Even though it is long until we can set foot on the planets from our Solar System, we have the technology to create satellites and probes to send into space to study the cosmos. One such investigation is Cassini-Huygens which launched into space to examine Saturn, Saturn’s rings, and its moons.
Cassini is the product of the collaboration of three space agencies: NASA (National Aeronautics and Space Administration), ESA (European Space Agency) and ASI (Italian Space Agency). The spacecraft was the fourth to be sent to investigate Saturn, but the first one to go into the planet’s orbit. Cassini was launched in 1997 and ended its mission in 2017.
2004 was the year that Cassini arrived on Saturn’s orbit. During the four years of the mission, Cassini stayed on the planet’s orbit, the probe scrutinized the rare characteristics of the planet along with its natural satellites. As we all know, Saturn has 62 known moons, Titan being the largest of them all.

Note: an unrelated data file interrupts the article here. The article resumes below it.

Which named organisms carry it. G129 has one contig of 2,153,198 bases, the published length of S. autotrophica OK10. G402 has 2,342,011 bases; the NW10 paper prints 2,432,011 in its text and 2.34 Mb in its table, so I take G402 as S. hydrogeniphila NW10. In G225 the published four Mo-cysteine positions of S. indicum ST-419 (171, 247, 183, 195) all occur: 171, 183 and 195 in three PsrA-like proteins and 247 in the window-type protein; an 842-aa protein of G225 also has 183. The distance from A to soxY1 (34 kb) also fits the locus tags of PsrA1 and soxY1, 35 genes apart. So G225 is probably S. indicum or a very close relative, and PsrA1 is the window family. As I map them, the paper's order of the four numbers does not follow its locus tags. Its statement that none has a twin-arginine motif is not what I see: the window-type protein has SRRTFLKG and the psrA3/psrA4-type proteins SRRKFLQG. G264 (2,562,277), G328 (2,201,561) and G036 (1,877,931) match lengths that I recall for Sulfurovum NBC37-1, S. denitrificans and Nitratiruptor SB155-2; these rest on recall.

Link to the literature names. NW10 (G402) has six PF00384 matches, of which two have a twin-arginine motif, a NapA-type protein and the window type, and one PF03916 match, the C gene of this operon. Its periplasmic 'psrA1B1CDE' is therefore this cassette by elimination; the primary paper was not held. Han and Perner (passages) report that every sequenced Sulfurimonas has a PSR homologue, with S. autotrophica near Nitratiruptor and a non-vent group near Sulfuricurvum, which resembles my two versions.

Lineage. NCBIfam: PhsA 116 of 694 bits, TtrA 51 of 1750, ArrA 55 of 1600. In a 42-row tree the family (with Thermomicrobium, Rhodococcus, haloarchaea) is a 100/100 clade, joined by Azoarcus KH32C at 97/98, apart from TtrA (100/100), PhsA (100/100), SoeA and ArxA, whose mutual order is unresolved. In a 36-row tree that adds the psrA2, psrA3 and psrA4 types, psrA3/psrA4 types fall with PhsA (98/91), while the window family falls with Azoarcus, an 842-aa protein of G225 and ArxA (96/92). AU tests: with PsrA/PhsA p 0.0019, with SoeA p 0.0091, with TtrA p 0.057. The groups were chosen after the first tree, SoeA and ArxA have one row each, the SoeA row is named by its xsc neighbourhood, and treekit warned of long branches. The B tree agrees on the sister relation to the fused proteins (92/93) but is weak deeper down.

Saturn’s Moon Enceladus Presents Water Geysers
Researchers’ attention was captured by the sixth-largest moon of Saturn, Enceladus. The natural satellite is one of the most reflective cosmic objects in our Solar System because the surface of Enceladus is made of fresh, clean ice. Crevasses traverse its icy surface and craters intersperse all over it. The surface temperature varies from -240o Celsius the lowest to -128o Celsius the highest.
As Cassini was orbiting Saturn, it flew close to Enceladus and was engulfed in columns of water, carbon dioxide and other hydrocarbons that came from geysers. This discovery caused quite a stir among astronomers and astrophysicists as the geysers meant that there was water under the icy surface of the moon. And water means only one thing: the possibility that Enceladus could support life in the distant future.
From the tonnes of water, carbon dioxide and hydrocarbons that are discharged every moment can result in energy. Enceladus has the potential to become one of the cosmic objects that researchers might into account in our search to other places in space we could inhabit.